Palestinianism is a closed system of memes that includes a historical narrative, a cause to which its believers aspire and an idiosyncratic language in which familiar words have special meanings. In this, it is similar to Marxism, which is not surprising, given its origins. Believers in this system include those who self-identify as Palestinians and many in the Western left who support the Palestinian cause.
Palestinianism originated in the 1960s and was created by the cognitive warriors of the Soviet KGB. At the time, the Soviets were supporting pan-Arab nationalists like Egyptian president Gamal Abdel Nasser in order to counter American and British influence in the Middle East. With the decline of pan-Arabism, Palestinianism became a useful way to incite the Arab world against the West. It also provided an excuse for opposing Israel, which the USSR now considered an enemy. Ironically, the Soviet dictator Josef Stalin had initially hoped that Israel would join the socialist camp, but it had become clear by the mid-1950s that Israel was drawing closer to the West.
This was a time of worldwide decolonization, and the KGB pushed the idea that the conflict between Jews and Arabs for sovereignty over the Land of Israel was actually a movement of national liberation by an indigenous “Palestinian” people against European colonialists. The Soviets repeated this endlessly despite the fact that approximately half of all Israelis are descendants of the Middle Eastern and African diasporas.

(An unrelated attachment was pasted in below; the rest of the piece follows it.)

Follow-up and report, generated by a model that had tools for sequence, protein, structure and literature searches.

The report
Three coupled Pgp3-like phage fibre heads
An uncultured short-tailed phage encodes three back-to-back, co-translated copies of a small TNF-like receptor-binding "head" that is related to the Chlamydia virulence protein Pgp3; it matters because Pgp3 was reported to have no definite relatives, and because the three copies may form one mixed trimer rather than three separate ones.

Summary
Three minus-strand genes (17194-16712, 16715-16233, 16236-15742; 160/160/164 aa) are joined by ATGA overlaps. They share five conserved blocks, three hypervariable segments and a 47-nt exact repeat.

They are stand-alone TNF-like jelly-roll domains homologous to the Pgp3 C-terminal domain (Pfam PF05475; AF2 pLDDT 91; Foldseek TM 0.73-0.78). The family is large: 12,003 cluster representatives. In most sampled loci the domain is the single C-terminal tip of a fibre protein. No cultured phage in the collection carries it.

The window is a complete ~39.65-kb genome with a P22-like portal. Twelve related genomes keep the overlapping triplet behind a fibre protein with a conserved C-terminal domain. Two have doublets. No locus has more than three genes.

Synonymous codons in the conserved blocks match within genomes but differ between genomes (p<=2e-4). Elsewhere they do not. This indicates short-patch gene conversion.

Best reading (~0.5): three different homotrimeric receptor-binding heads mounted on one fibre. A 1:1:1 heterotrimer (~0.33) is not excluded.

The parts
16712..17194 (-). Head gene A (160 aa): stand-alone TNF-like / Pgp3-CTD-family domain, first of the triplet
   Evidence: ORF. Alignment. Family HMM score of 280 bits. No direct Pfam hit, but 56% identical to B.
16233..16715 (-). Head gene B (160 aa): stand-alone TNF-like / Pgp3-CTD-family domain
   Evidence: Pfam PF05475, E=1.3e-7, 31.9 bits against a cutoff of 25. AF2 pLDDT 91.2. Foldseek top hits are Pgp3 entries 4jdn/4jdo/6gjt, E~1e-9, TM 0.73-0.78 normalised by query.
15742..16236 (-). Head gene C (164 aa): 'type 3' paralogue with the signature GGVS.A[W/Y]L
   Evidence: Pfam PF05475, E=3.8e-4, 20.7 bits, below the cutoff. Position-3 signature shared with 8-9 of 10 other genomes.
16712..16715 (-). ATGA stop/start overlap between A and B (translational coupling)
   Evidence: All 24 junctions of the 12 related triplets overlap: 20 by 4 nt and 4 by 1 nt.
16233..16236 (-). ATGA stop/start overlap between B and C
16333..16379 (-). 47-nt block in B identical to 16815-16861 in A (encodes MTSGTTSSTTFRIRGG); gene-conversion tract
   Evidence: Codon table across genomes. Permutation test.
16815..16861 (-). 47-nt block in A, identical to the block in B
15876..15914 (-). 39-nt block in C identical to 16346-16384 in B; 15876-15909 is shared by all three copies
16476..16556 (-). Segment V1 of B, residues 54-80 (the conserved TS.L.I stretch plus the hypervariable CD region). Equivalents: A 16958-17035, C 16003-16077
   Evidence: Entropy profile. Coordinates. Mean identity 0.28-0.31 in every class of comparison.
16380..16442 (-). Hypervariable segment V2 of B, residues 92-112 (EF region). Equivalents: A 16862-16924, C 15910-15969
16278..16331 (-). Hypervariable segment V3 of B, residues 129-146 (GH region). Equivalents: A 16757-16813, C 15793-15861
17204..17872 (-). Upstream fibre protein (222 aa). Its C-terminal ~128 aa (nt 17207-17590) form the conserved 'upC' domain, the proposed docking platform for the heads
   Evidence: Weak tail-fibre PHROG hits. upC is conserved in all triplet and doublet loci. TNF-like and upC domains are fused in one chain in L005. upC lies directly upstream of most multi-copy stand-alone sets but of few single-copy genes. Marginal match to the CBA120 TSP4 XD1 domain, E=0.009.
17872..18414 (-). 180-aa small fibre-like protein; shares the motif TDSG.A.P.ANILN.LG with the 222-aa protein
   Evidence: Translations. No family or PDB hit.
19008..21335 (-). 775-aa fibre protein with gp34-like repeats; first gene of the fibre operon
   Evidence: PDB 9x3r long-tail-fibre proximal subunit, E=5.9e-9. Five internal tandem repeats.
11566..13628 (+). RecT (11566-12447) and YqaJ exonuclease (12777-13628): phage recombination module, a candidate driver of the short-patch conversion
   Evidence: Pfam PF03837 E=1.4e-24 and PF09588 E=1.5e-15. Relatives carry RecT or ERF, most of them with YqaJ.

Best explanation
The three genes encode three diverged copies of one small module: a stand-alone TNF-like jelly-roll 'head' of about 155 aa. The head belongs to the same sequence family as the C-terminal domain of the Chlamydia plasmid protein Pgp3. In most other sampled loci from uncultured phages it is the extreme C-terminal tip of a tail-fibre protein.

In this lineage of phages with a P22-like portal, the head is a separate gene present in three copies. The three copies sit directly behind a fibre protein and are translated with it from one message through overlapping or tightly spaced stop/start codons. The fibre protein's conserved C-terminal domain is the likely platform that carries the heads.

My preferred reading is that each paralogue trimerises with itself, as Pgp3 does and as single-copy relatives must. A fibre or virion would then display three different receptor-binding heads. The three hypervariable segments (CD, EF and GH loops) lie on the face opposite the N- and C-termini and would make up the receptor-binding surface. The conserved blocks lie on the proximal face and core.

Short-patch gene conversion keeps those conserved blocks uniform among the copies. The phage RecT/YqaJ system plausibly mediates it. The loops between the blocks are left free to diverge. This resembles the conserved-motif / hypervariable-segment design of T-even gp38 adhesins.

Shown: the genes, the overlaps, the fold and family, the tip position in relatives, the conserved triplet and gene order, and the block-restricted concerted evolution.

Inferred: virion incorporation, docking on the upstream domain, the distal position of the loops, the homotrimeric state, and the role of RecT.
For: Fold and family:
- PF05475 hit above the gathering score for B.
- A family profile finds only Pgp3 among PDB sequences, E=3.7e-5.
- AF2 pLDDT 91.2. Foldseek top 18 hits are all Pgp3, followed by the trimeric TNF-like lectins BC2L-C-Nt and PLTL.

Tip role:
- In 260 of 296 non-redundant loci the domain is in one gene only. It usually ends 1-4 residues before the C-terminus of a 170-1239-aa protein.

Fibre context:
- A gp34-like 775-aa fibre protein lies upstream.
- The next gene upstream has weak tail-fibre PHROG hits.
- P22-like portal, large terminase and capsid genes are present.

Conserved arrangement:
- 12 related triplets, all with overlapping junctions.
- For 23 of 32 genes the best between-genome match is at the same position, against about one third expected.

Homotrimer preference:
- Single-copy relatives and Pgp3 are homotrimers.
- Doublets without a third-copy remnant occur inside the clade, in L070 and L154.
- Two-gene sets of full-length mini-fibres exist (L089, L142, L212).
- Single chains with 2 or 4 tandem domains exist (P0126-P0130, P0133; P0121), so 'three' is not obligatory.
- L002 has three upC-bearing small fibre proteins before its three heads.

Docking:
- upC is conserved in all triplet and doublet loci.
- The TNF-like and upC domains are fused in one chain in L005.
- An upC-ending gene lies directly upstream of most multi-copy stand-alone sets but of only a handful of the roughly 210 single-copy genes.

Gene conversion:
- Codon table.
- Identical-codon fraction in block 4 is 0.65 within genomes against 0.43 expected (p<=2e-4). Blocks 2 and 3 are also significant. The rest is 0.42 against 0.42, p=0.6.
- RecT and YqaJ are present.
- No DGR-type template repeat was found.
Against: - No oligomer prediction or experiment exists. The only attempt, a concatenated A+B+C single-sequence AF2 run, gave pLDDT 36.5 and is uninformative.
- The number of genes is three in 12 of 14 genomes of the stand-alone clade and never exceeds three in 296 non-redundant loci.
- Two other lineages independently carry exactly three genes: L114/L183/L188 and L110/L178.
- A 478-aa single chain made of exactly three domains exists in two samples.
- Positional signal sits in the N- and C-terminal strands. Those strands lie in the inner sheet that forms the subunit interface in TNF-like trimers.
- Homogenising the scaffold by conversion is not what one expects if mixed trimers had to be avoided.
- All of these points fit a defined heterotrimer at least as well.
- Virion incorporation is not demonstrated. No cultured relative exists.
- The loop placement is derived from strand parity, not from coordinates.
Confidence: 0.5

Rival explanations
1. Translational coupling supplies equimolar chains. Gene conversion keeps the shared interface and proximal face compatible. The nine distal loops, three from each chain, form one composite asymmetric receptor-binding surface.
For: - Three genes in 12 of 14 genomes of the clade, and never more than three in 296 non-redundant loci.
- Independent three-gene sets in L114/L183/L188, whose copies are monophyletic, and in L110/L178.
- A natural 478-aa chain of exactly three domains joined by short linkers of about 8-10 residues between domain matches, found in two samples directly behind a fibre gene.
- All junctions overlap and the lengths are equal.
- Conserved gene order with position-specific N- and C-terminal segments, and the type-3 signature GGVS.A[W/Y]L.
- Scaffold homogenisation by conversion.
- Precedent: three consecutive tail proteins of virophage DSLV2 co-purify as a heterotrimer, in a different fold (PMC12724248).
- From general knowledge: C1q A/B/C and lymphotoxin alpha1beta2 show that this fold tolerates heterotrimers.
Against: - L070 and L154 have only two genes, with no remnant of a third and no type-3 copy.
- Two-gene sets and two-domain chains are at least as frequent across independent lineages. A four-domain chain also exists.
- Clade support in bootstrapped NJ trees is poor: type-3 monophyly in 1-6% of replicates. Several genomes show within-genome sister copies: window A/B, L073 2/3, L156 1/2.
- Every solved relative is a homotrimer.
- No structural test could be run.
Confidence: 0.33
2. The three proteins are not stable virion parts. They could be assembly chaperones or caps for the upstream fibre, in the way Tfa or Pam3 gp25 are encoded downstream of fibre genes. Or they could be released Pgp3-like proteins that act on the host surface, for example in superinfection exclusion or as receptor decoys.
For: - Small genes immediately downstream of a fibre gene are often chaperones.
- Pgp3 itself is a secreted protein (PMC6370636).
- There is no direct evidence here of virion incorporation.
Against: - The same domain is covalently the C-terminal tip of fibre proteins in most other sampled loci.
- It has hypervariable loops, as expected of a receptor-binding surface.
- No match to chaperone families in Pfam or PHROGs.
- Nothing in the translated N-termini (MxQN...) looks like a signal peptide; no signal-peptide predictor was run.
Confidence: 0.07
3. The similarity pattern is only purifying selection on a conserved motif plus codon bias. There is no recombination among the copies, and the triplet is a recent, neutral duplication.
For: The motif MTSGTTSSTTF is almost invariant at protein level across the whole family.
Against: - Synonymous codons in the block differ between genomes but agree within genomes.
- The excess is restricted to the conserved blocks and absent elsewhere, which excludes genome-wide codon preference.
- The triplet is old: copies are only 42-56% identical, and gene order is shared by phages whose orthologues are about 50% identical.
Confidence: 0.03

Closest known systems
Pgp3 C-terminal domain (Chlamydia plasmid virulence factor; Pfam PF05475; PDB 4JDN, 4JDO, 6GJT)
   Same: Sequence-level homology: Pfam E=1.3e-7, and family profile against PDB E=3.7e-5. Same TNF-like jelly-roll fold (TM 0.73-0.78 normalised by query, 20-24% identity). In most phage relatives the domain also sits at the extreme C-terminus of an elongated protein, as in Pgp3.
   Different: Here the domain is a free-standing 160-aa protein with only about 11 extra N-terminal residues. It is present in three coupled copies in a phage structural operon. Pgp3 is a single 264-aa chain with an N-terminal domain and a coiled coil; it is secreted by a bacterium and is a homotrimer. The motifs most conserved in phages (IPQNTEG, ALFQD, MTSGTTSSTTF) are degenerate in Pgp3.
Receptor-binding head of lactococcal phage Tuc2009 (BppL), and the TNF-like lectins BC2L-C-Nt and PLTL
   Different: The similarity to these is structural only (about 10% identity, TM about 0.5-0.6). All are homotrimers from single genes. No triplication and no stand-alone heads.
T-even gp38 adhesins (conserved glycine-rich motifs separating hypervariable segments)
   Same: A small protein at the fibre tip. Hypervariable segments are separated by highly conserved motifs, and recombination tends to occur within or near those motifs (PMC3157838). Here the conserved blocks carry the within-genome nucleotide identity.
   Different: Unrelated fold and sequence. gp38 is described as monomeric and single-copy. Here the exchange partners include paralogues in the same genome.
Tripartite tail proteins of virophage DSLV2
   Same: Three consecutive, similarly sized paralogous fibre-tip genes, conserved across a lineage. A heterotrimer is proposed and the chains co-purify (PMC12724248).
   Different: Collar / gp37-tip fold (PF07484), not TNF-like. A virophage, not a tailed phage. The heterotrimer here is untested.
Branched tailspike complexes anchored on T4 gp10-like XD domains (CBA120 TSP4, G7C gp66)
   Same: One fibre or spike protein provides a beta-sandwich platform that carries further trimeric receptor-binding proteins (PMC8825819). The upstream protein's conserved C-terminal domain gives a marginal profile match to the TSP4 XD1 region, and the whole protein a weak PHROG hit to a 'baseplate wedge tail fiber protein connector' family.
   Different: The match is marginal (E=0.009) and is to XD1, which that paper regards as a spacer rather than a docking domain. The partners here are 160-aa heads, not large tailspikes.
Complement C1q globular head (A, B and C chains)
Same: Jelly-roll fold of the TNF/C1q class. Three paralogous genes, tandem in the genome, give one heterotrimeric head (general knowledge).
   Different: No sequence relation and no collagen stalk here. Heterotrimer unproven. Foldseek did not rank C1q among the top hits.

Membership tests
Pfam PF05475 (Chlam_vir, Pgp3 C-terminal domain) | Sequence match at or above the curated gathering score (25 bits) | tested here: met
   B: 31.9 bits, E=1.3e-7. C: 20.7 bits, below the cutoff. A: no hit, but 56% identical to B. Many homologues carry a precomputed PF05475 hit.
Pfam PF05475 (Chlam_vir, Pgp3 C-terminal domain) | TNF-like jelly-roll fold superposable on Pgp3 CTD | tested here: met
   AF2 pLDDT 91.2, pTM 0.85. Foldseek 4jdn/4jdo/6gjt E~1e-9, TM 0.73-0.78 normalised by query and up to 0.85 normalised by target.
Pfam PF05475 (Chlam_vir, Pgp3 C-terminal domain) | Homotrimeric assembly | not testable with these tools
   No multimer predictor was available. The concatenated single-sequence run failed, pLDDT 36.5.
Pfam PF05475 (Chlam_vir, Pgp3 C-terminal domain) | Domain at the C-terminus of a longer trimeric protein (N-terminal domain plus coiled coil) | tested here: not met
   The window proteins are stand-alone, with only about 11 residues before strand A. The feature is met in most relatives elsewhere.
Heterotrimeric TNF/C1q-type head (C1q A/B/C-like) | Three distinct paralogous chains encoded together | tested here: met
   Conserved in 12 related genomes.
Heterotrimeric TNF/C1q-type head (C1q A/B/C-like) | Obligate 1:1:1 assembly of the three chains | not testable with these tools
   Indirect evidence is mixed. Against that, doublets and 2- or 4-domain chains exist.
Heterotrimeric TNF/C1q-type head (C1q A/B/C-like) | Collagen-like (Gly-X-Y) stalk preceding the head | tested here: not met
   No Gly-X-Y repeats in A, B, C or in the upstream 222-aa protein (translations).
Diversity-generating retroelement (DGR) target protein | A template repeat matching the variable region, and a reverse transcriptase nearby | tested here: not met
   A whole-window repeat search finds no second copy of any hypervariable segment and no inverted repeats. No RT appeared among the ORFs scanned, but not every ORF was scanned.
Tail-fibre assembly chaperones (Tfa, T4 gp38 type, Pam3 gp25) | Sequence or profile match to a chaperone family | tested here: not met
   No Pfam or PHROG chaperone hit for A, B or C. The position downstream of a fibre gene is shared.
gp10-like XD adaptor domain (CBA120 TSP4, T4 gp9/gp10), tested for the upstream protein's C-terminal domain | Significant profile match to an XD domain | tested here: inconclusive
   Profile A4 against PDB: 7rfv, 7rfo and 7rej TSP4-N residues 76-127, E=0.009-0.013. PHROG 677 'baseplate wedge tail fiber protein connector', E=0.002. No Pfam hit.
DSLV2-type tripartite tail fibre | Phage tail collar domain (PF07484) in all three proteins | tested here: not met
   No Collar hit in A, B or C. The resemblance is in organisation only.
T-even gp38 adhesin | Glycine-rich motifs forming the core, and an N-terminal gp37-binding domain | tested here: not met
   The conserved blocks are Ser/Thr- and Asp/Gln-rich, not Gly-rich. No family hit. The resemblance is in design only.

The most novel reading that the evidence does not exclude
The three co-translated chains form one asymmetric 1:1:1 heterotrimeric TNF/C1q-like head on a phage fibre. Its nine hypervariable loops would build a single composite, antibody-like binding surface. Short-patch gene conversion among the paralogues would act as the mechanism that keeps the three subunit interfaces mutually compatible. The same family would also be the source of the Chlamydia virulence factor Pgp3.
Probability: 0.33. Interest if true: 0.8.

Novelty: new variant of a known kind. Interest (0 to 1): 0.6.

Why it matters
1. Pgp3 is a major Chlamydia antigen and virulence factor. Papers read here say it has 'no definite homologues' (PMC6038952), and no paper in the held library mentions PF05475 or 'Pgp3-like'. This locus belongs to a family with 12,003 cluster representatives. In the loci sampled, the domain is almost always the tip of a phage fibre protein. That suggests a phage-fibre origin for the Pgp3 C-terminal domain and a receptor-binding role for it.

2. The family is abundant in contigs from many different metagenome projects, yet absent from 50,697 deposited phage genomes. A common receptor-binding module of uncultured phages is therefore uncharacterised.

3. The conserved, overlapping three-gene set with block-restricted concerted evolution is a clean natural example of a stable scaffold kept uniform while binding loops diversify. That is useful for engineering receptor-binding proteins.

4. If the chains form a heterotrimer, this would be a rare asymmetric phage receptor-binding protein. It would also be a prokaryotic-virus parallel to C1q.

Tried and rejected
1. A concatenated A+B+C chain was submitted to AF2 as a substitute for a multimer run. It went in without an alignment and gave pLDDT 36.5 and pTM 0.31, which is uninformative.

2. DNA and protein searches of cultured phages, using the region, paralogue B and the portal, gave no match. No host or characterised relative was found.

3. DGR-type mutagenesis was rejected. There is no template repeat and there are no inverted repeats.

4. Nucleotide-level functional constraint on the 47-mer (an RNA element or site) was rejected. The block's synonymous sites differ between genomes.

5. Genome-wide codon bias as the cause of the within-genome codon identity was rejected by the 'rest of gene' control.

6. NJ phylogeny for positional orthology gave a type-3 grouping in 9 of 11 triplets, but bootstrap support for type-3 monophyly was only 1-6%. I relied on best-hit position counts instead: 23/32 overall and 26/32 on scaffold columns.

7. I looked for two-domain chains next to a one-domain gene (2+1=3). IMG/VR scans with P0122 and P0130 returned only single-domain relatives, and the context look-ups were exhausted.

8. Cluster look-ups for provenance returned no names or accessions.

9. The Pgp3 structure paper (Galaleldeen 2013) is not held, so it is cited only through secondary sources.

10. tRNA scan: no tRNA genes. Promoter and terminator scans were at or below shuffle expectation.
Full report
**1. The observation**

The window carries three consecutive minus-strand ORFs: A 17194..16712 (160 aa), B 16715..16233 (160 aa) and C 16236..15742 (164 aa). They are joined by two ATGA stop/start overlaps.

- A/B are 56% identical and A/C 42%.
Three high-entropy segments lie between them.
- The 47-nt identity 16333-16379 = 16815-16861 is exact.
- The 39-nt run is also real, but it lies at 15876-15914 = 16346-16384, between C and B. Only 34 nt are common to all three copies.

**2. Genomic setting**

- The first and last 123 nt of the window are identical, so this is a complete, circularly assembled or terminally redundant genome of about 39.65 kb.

The Soviets had always used race as a weapon in their psychological warfare against the U.S., correctly seeing the exacerbation of race-based resentments as a highly effective way of sowing division among Americans. During the 1970s, they introduced the racial element into the Arab-Israeli conflict, as exemplified by the passage of the United Nation’s “Zionism Is Racism” resolution in 1973.
The Soviet’s Palestinianism was based on a clear and consistent, if false, narrative. The pivotal event in the narrative is the loss of land the Palestinian Arabs suffered in 1948, which they call the Nakba (catastrophe). However, what happened to the Arabs of Palestine was common for a losing side in war. After World War II, for example, at least 12 million ethnic Germans fled or were expelled from Eastern Europe. Jordan completely cleansed Judea, Samaria and eastern Jerusalem of Jews after the 1948 war. Some 800-900,000 Jews fled or were expelled from Arab countries starting in the late 1940s and into the 1960s. Had the Arabs won the war, the Jews of Israel would certainly have faced a similar fate.